A course map is a detailed blueprint that guides you through course planning and development.
There are four basic steps to create a course map:
- Define the main competencies of the course.
- Define learning outcomes that describe what the learner should be able to know, understand, or do for each competency.
- Identify how learners will demonstrate their knowledge and understanding of the content.
- Identify instructional materials that align with the course learning outcomes and competencies.
Define Course Competencies
Course competencies describe the overarching objectives of the course. They are typically concepts, themes, or general statements that describe the knowledge, understanding, skills, or attitudes that a learner should have after completing a course or a program.
An example of a competency may look like this:
Understand and apply strategies for storing products in the warehouse.
From this statement, we can deduce that a module in the course will focus on strategies for storing products in a warehouse. Additionally, by the end of the course, the learner will need to understand concepts covered in the course and apply them to real-life situations. However, this statement is not overly specific and doesn’t provide clear, measurable outcomes.
Define Learning Outcomes
Learning outcomes break down course objectives further to define specific learner goals for each competency. Learning outcomes are specific statements that communicate what the learner should be able to know, understand, and do after taking the course. They should be measurable and action-oriented.
Using the previous example, the learning outcomes for the competency “Understand and apply strategies for storing products in the warehouse.” might include:
- Understand the importance of storage strategies in automated warehouses
- Describe the 3 storage strategies for high-automation warehouses
- Describe the 3 storage strategies for low to mid-automation warehouses
- Configure the software to optimize product storage by balancing inventory across several warehouse aisles
Each of the learning outcomes above begins with an action verb, which clearly states what the learner must know, understand, or do to fulfill the competency requirements. When writing your learning outcomes, use a Bloom’s Taxonomy verb chart to identify action words that align to the concepts of remembering, understanding, applying, analyzing, evaluating, and creating.
Here are some examples:
As you define learning outcomes for each of your competencies, make sure they relate back to the goals of the course and the overall program.
After defining your competencies and learning outcomes, look at ways for learners to demonstrate and prove their understanding of the content. Assessments and proficiency levels give you an opportunity to gauge whether the learner grasped the concepts in the course, and if they have, how well they understood them.
Assessments come in a variety of forms, but there are two general categories:
- Formative assessments: Inform you about whether a learner is grasping concepts. Formative assessments can be quizzes, tests, projects, activities, and more.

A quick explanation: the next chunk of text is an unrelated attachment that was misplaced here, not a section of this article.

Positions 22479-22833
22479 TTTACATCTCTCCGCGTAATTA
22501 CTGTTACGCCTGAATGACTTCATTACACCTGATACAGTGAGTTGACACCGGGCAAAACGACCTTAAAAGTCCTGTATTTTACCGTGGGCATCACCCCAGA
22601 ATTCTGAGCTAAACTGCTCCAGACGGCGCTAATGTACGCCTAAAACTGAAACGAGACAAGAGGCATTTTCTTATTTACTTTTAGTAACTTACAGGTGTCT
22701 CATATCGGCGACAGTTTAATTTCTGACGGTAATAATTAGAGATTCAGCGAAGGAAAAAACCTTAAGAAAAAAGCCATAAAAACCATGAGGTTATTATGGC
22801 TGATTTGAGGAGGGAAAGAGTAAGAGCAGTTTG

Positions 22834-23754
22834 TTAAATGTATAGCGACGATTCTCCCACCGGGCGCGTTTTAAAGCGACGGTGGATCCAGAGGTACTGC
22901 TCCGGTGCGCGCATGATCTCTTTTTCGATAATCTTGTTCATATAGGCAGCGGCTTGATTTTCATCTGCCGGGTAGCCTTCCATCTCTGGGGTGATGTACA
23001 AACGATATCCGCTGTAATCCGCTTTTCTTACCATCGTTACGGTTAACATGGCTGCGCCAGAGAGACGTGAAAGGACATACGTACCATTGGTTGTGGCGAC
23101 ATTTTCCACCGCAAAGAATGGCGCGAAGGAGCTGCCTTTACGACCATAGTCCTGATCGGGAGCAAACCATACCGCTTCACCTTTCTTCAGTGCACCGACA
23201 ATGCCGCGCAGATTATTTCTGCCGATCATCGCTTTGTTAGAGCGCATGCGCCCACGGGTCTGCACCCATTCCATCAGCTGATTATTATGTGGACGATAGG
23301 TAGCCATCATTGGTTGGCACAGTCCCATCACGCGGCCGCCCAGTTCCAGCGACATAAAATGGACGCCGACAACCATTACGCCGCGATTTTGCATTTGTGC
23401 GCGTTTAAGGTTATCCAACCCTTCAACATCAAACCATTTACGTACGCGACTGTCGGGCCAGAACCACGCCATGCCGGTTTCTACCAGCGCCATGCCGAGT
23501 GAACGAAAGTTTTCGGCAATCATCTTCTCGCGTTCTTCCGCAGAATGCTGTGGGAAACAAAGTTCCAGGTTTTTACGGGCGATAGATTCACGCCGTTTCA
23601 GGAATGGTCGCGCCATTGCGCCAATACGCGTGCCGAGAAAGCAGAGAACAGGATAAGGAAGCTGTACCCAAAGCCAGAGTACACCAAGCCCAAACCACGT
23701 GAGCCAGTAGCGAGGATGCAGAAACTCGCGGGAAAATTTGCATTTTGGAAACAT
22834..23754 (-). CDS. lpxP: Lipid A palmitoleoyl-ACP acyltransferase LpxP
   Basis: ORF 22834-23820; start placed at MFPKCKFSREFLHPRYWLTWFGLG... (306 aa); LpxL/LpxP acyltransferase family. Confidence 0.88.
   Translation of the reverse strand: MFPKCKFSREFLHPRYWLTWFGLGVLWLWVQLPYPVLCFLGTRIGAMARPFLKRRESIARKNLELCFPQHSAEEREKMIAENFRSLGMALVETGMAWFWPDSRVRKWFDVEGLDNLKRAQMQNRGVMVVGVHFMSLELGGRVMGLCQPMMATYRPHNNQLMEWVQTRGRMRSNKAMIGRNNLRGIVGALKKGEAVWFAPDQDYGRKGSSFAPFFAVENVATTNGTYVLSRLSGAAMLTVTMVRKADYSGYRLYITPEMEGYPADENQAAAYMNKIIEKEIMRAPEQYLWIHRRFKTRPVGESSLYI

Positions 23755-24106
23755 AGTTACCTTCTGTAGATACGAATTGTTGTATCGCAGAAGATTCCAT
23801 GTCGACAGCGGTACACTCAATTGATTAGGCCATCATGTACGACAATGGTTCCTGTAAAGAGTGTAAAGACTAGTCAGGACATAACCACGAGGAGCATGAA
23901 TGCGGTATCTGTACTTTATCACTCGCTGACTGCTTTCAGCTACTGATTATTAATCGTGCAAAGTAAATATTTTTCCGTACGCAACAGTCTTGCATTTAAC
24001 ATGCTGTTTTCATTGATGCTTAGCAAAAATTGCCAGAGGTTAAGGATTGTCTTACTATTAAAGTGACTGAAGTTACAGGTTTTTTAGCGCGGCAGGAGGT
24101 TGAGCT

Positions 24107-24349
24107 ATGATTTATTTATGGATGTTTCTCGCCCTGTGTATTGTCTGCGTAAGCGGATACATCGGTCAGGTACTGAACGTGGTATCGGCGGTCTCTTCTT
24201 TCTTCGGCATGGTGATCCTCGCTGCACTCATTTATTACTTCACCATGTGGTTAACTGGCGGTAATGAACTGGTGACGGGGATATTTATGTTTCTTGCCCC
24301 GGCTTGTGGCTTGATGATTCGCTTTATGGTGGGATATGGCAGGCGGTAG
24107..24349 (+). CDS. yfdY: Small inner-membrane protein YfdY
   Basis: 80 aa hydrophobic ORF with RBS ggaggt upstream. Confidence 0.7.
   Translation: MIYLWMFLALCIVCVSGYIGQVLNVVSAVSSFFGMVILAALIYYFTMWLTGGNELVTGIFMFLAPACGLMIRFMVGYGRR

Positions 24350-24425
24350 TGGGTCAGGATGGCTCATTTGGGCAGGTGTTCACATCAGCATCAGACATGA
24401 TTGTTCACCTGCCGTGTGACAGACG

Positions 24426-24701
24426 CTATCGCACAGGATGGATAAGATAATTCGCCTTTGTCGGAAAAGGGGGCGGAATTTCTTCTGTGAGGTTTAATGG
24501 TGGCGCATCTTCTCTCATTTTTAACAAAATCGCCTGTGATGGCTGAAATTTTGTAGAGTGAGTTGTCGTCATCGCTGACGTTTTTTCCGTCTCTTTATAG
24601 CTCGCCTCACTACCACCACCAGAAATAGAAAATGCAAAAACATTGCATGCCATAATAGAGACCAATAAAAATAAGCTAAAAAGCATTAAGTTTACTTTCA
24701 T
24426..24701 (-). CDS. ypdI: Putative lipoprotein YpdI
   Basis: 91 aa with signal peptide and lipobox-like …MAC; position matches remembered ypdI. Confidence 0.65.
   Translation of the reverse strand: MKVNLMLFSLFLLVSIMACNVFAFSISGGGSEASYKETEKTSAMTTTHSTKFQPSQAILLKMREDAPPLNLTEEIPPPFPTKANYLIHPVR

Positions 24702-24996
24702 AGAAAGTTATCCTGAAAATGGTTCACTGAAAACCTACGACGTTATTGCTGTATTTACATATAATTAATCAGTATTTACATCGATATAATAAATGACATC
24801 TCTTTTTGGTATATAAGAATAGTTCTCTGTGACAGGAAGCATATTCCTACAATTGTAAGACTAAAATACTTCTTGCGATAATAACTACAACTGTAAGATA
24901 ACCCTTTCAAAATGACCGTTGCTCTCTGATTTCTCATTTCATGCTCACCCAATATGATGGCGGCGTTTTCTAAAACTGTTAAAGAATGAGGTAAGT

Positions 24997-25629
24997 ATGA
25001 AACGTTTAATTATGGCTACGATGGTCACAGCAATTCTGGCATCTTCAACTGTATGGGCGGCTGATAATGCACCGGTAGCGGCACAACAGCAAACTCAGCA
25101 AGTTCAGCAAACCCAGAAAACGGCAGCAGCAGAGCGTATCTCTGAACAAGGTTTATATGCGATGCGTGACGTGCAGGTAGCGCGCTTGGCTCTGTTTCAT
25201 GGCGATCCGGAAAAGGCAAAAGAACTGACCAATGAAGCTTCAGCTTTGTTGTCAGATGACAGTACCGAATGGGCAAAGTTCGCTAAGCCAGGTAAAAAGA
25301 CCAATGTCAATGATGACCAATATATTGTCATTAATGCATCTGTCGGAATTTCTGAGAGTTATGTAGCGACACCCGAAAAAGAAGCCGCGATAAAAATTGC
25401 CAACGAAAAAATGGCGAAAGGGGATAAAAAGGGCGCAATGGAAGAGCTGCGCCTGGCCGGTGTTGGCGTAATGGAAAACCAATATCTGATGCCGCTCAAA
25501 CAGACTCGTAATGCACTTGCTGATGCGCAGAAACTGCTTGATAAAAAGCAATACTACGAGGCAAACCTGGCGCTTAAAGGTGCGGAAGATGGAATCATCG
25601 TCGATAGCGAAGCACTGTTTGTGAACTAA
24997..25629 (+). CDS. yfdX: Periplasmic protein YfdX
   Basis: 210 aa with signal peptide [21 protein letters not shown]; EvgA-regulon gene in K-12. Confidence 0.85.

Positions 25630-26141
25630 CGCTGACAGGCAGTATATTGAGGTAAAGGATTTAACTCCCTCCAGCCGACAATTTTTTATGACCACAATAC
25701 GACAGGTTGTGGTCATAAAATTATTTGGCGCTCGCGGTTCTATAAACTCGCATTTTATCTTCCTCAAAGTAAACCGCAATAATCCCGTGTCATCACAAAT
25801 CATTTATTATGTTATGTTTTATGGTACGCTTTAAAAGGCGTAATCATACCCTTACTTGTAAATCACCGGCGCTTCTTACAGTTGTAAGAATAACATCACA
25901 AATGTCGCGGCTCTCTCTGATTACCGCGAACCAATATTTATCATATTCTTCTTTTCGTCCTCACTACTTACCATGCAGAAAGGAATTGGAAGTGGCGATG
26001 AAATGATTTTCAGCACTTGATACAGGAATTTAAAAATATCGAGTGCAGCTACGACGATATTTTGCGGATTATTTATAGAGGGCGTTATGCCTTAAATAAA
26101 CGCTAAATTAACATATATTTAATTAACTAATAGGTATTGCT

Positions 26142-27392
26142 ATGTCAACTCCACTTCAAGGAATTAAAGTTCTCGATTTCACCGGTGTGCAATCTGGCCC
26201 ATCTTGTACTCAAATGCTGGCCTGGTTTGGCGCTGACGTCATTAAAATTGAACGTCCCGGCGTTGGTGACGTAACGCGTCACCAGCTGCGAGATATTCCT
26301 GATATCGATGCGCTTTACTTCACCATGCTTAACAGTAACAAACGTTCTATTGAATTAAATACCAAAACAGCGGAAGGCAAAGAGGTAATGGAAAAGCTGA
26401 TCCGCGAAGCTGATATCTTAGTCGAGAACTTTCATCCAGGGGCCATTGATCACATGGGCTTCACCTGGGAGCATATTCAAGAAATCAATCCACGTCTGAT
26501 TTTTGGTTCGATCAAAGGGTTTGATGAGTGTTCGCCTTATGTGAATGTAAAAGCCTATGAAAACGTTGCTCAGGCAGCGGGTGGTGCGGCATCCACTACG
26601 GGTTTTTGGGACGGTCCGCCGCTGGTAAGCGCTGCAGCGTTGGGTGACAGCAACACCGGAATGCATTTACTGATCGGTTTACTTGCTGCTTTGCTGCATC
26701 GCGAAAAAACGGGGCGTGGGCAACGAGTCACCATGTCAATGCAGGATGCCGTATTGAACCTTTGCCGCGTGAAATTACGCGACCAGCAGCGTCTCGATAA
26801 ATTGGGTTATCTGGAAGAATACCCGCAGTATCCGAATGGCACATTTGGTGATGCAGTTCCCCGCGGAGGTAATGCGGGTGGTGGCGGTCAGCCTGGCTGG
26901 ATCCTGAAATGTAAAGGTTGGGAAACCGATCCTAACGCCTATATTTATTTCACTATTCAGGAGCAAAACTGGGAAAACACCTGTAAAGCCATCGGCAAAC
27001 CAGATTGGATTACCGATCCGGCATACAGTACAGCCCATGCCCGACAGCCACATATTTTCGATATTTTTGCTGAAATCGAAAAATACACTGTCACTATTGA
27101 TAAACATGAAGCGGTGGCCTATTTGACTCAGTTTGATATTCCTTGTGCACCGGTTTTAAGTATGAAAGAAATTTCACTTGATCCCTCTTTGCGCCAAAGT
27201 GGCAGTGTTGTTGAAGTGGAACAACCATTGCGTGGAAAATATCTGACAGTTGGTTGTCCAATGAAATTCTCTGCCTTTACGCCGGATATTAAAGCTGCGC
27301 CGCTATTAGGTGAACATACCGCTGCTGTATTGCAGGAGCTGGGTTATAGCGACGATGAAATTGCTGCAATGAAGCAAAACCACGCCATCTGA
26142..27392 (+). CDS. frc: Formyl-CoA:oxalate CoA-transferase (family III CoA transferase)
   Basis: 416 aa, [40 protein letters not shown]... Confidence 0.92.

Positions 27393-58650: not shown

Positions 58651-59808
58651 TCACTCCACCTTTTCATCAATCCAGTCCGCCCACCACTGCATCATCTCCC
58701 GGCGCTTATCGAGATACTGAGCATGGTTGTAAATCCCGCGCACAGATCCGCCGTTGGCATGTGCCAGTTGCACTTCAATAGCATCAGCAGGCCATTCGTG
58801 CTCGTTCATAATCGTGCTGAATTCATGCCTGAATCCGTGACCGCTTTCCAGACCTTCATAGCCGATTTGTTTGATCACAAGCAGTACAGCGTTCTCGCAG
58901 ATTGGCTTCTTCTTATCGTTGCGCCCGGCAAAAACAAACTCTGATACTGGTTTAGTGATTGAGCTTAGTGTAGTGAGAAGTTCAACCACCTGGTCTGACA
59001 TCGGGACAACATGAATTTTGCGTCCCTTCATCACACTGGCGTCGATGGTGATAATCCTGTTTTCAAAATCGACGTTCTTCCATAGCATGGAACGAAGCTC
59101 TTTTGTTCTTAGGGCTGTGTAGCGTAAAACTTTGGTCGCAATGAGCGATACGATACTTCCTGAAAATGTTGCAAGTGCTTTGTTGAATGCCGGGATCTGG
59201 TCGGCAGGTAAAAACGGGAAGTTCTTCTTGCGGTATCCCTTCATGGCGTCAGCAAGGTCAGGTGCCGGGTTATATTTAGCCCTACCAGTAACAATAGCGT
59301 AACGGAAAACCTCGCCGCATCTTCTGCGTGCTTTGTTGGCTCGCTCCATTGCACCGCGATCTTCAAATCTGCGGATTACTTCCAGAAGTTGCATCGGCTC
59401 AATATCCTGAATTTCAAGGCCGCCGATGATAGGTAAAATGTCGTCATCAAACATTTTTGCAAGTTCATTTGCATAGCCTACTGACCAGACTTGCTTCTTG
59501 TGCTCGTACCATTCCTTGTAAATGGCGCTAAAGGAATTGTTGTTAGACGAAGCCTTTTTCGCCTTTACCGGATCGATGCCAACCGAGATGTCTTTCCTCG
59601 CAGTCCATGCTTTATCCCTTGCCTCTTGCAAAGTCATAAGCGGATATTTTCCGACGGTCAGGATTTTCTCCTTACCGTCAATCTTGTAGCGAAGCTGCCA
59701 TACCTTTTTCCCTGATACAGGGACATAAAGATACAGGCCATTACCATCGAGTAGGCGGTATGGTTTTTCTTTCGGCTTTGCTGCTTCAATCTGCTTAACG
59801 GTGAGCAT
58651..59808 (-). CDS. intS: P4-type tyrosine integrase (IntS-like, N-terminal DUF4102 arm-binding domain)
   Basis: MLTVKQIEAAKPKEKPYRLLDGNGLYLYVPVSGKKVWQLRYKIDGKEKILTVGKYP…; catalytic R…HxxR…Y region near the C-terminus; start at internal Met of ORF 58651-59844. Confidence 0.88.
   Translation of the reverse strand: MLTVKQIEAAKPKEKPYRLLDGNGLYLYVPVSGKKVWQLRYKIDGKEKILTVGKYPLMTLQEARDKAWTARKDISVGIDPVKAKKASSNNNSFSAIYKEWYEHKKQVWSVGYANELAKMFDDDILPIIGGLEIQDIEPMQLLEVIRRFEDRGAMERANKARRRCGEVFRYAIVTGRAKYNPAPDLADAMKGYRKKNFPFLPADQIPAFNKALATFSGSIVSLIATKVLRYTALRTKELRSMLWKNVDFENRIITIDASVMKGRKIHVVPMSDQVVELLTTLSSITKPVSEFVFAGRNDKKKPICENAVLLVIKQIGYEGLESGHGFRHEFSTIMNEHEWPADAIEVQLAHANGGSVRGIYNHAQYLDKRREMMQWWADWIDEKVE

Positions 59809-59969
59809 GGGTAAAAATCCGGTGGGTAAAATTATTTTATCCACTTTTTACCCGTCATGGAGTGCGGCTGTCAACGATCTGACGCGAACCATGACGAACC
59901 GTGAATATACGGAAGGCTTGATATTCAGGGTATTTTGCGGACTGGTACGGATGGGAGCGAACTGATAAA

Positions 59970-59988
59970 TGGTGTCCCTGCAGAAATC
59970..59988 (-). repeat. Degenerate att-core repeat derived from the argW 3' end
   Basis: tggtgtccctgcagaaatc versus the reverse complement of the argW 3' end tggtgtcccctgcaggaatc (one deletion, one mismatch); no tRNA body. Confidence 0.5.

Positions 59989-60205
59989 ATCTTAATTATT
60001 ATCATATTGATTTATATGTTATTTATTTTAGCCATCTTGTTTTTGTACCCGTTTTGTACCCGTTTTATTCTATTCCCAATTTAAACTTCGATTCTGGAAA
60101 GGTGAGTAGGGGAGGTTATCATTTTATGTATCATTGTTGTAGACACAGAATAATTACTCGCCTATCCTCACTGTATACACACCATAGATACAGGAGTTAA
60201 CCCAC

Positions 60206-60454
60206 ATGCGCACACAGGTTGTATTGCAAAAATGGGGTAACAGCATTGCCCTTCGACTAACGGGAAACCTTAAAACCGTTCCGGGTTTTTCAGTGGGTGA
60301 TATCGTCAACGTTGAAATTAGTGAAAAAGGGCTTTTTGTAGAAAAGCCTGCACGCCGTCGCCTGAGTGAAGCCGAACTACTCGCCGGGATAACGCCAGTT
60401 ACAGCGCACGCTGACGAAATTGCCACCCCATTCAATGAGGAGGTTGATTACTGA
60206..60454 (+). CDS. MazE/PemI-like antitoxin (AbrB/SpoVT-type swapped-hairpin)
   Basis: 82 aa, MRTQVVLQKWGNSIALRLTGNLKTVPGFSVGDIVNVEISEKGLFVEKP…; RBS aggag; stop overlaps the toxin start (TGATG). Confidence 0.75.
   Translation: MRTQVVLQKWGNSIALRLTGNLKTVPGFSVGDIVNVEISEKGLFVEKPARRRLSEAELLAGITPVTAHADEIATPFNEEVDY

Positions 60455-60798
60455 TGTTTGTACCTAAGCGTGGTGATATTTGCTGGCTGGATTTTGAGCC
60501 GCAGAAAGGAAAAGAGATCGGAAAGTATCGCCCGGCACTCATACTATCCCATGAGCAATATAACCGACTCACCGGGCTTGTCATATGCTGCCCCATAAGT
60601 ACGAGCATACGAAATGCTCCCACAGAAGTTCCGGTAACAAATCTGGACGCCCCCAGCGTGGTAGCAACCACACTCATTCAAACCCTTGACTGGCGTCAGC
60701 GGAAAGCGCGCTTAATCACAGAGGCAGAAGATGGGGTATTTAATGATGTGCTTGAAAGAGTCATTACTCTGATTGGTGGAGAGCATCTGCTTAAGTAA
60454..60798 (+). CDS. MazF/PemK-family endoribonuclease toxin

- Summative assessments: Demonstrate how well a learner understood the content according to a predefined benchmark or standard. Summative assessments occur at the end of a course period, and they can be in-depth reports or papers, final projects, cumulative exams, and more.
For each learning outcome in the course map, specify how to assess the learner using a formative or summative assessment and consider how to determine their proficiency level.
Continuing with our warehouse example, we might have:
Identify Instructional Materials
The final step to creating your course map is to identify the instructional or supporting materials for the course. Instructional materials can include:
- Videos (premade or self-made)
Like in the previous steps, map instructional materials back to the learning outcomes. Doing so ensures that you are providing content and materials that are directly related to the objectives of the course and the program. This helps keep learners on track and avoids time spent on unnecessary resources.
Working through the four steps above will help you develop a course rooted in predefined learning outcomes that align with program objectives. Emphasizing learning outcomes and competencies creates a course that places the needs of the learner first while also providing you with a roadmap for course development.
Bloom's Taxonomy Verb Chart. Teaching Innovation and Pedagogical Support. (2014, September 18). https://tips.uark.edu/blooms-taxonomy-verb-chart/.
Course Mapping. Center for Teaching and Learning | Wiley Education Services. (2021, February 8). https://ctl.wiley.com/course-mapping-2/.
Gosselin, D. (2020, December 14). Competencies vs Learning Outcomes. InTeGrate - Interdisciplinary Teaching about Earth for a Sustainable Future. https://serc.carleton.edu/integrate/programs/workforceprep/competencies_and_LO.html.
Hartel, R. W., Foegeding, E. A. (2004). Learning: Objectives, Competencies, or Outcomes? Journal of Food Science Education, 3(4), 69–70. https://doi.org/https://onlinelibrary.wiley.com/doi/10.1111/j.1541-4329.2004.tb00047.x